The first thing you should do when missionaries ring the doorbell is to tell them to go away. This gives them a bad impression of you and, if they know you’re a Trippsian, of themselves because you’ll tell them to go away with flair. When that fails, invite them in to listen to a drum or kazoo while demeaning their cousins, aunts, uncles, fathers, mothers, brothers, sisters, and dogs.
You won’t have to do much, but it should be effective. Whether they’re the Inuit proselytizing door-to-door or Zoroastrians or “Bible Thumpers,” ask them to sit down and tell them you’ll be happy to take and read their literature, but say that first you’d like them to see you play a drum or kazoo and secondly you’d like them to see you burn and deface their literature.
A few missionaries will excuse themselves at this point, but most, even those who won’t accept Trippsian literature, will be willing to sit through a kazoo or drum performance. When the performance is through, and if they are still there, ask them their impressions of it while stripping down to your socks and covering yourself in marmalade. Have on hand Trippsian literature, in case hey want more information or even if they don’t. Invite them back for another visit (at which you’ll spray them with silly string and run screaming “Leper”).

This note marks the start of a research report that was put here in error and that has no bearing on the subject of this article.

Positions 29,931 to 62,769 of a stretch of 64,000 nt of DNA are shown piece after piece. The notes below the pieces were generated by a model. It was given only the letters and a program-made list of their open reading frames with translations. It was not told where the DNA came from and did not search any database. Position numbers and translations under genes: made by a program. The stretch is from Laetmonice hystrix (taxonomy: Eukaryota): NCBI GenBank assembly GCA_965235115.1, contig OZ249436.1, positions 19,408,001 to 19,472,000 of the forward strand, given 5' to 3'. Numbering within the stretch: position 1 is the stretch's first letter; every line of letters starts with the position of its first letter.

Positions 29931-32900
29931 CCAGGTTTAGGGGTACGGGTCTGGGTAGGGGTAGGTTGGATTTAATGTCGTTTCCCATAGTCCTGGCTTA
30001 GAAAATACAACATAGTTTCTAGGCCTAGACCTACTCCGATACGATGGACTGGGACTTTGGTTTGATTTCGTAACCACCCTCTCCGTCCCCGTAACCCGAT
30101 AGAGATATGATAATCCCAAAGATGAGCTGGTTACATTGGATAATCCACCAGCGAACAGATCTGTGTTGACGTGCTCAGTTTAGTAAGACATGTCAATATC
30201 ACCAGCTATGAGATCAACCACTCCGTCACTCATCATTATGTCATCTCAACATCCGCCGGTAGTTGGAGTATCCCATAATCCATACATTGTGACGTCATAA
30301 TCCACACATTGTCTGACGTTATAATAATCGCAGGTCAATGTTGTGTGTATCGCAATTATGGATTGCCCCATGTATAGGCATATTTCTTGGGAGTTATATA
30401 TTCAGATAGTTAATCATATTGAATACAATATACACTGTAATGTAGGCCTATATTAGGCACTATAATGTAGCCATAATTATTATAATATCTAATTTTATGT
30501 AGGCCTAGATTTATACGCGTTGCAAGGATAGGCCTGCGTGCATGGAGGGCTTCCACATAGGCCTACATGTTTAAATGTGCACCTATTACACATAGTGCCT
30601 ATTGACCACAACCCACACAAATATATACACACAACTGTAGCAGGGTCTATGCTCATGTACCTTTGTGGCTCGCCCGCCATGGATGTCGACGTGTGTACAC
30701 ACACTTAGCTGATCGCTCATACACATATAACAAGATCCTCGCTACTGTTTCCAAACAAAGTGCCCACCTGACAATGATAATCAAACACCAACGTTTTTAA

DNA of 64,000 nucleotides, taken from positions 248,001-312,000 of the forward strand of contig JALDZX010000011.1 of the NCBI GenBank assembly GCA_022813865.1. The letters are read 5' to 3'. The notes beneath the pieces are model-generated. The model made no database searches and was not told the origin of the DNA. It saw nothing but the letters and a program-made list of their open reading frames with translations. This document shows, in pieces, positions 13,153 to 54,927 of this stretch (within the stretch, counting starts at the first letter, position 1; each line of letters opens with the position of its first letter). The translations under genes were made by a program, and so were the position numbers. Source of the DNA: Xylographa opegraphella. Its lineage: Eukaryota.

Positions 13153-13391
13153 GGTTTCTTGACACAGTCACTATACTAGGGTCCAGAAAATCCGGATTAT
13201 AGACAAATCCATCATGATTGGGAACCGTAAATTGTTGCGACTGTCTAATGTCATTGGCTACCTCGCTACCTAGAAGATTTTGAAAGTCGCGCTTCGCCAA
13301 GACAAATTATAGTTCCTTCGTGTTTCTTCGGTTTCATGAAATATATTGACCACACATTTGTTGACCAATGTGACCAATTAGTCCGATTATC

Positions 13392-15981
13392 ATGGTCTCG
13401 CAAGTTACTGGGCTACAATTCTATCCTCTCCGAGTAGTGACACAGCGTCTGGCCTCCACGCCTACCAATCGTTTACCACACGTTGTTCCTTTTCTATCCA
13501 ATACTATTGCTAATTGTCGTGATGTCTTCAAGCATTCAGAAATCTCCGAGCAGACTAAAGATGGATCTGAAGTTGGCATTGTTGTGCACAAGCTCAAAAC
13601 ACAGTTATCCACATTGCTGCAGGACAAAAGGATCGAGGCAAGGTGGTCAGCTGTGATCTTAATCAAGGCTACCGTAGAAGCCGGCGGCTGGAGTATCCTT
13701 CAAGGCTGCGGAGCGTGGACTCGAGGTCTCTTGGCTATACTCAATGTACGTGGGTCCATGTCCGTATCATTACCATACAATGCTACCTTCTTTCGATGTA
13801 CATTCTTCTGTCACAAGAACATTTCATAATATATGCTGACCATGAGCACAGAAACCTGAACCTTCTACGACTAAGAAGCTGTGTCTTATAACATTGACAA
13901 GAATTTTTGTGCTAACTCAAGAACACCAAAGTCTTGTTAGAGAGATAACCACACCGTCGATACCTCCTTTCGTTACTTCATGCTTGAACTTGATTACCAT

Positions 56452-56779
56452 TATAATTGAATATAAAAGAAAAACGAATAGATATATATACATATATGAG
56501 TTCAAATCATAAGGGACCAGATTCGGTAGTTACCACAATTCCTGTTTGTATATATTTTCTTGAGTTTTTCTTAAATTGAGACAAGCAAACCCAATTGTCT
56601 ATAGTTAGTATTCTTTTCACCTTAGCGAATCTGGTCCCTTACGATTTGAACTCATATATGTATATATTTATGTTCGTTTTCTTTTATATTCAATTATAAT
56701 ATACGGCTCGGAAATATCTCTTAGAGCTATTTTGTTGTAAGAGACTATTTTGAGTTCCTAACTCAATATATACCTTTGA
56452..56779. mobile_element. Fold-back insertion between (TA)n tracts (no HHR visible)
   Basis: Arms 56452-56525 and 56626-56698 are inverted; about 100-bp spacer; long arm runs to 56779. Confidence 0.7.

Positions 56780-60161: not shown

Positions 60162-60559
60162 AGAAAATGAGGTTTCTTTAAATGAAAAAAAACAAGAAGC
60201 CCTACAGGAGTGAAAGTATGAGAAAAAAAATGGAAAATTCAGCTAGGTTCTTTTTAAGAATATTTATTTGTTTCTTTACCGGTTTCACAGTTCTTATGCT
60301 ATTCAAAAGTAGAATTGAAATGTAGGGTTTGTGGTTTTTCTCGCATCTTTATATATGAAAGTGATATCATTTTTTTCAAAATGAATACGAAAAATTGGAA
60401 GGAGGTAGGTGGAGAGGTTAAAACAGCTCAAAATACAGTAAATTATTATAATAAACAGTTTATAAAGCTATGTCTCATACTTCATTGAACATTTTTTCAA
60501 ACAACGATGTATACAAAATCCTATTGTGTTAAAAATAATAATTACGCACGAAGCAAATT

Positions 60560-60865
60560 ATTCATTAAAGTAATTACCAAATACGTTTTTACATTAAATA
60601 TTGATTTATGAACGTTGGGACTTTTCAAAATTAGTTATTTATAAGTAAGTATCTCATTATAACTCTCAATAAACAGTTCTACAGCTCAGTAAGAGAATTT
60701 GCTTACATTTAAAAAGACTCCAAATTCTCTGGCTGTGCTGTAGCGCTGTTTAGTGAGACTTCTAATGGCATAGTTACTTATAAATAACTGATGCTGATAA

Don’t get into an argument or a deep discussion, because let us face it, Trippsians would rather argue about pointless things . What you want to do is have them listen to the truths of the Trippsian faith as spoken by experts, fools, ignorant fools and faithful fools. Those truths will settle in their minds and, over time, will affect them; hopefully not in a fatal fashion.
Place tracts or booklets in children’s lunchbags
For this one you’ll need to be around little children without looking like you’ll molest them physically in any way, of course, but that shouldn’t be hard to do if you offer to supply them with candy.
You’ll be doing Captaintripps two favors: He won’t have to look suspicious around children and he’ll end up with a crop of young corn farmers ready to spread the faith at recess.
To ensure that children take your literature consider taping a little note reading “Free: Please take me home! I will not kill your Mommy” and candy to the top of each one. You don’t want kids to think the tracts or booklets should be left on the ground once used. A general distribution of literature, especially in a large elementary school, can be a drain on your wallet, so you might want to sell a few of these children as necessary.
Post odd messages to your online service